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Sleight Family Farm microgreens

This past week’s weather makes talking about the start of spring, only a few days away from now, feel jarringly out of place. But the season of rebirth is almost upon us. What does that mean for area farmers tailgate markets?

March and April can be the sparsest months for farmers markets. Stored crops such as potatoes, cabbage, and beets have dwindled; main-season produce has just begun to be planted; and even greens — which can be grown year-round — are less abundant because many produce farmers are focusing their time on planting and cultivating what will be harvested later in the year.

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Sleight Family Farm microgreens

Spring is just around the corner, and outdoor markets will be opening back up soon. (My, this “winter” has flown by!) Check back in throughout March and April as we let you know which markets will be opening up and where they’ll be held. As for this week, it’s still winter, and indoor markets are still in full swing!

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Bone broth

Perhaps you think of bone broth as a hip trend, or perhaps you reminisce about your grandmother’s chicken stock as an age-old cure for ailments. Either way, bone broths, stocks, and broths are perfect for giving our systems a boost in the face of recent erratic weather that has wreaked havoc on immune systems and allergies.

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Breakfast looks wildly different across the world — some cultures fill up on hearty fare, while others go lighter with the morning meal. No matter your preference, you can pick up ingredients at area farmers tailgate markets to fix a breakfast that’s just right for you. Standard regional breakfast fare abounds: eggs, bacon, bread, grits, potatoes, and cheese. But what about some playful and unconventional options?

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Farms can cultivate all sorts of things on the land — from fruits and veggies to fibers and flowers, milks, meats, mushrooms, and more. When folks think of area tailgate markets, they often think of veggies — and for good reason, as vegetables often abound at markets — but there’s a whole cornucopia that can be available on Saturday mornings, even throughout the winter.

Farmers at markets are producing meat that is unparalleled in quality. Farm-raised, grass-fed, pastured, humanely raised, organic — ask your local farmers what practices they use for more precise insight. They’ll be happy to tell you all about the methods behind the meat.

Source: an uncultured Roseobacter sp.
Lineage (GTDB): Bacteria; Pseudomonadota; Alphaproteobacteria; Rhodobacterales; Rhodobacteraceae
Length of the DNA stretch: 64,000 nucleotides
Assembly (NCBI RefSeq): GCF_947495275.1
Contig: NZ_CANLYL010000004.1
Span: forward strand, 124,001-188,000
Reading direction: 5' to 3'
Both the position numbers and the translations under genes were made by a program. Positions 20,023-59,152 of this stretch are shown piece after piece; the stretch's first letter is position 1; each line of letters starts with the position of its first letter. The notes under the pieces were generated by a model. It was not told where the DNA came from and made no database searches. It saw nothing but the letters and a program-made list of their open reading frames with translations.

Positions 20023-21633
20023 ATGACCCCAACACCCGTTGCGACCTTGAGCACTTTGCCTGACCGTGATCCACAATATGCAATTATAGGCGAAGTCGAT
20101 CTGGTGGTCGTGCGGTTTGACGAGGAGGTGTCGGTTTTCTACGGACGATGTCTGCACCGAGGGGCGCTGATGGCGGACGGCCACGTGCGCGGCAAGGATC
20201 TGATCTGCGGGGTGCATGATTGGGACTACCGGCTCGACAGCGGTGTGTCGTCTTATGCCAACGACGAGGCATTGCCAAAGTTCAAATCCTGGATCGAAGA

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ASAP’s broad approach to supporting the local food movement in the Southern Appalachians means that we always have a lot on our plate. But thanks to our latest class of spring interns, we don’t have more than we can chew. These five interns are helping to run many of ASAP’s programs while learning more about the ins and outs of life at a bustling nonprofit.

If you’d like to get involved in our internships program, ASAP is currently recruiting for the summer season. Visit our internships page to learn about opportunities with our Local Food Research Center, Local Food Campaign, and much more!
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Farm & Sparrow Bread

There’s something about a really great loaf of bread that speaks to our stomachs and our souls in wonderful ways. The texture and flavor of wood-fired oven baked sourdoughs are unparalleled. At area farmers tailgate markets, bakers have some of the best breads around.
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Area farmers tailgates are fully stocked to equip your full week’s worth of meals: bread, eggs, chocolate milk, bacon for breakfast; cheese, greens, apples, and all the fixins for leftovers at lunch; and a wide range of roots veggies, squashes, dark leafy greens, and more for dinner. The possibilities are endless!
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Ten Mile Farm Leeks

Eating with the season — not the same foods or dishes month after month — allows the vegetables and dishes we consume to mirror the time of year and our bodies’ responses to the weather. Spring is light and green with small bursts of sweetness, much like the new leaves and budding blooms. Summer is brimming with so many flavors and colors, all juicy, vibrant, and full. Fall is rich and earthier — as the leaves move towards the ground, so do our foods’ colors and flavors. Winter is the most grounded, with root vegetables, hardy greens, wholesome grains, and fermented foods (which traditionally were fermented underground). Winter has always been a time to hunker down, and our seasonal, local foods help us to do so.

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Winter Farmers Market Crowd

The doors are set to open into the main room of the Asheville Masonic Temple — where Asheville City Market winter vendors have set up tables full of their products — and the atmosphere is anticipatory, festive, and full of excitement. In the entryway, a trio of musicians play old bluegrass tunes, and early-arriving customers order coffee and breakfast pastries (filled with local veggies grown by farmers at the market) while chatting merrily with one another.

Indoor winter farmers markets in Western North Carolina — including the Asheville City Market — offer shoppers and visitors a very different experience from the outdoor spring-through-fall markets. The produce selection follows the seasons, of course, but their smaller size and indoor locations make them feel more intimate than their warm-weather counterparts. They feel more like community events than simple errand stops to pick up weekly groceries.

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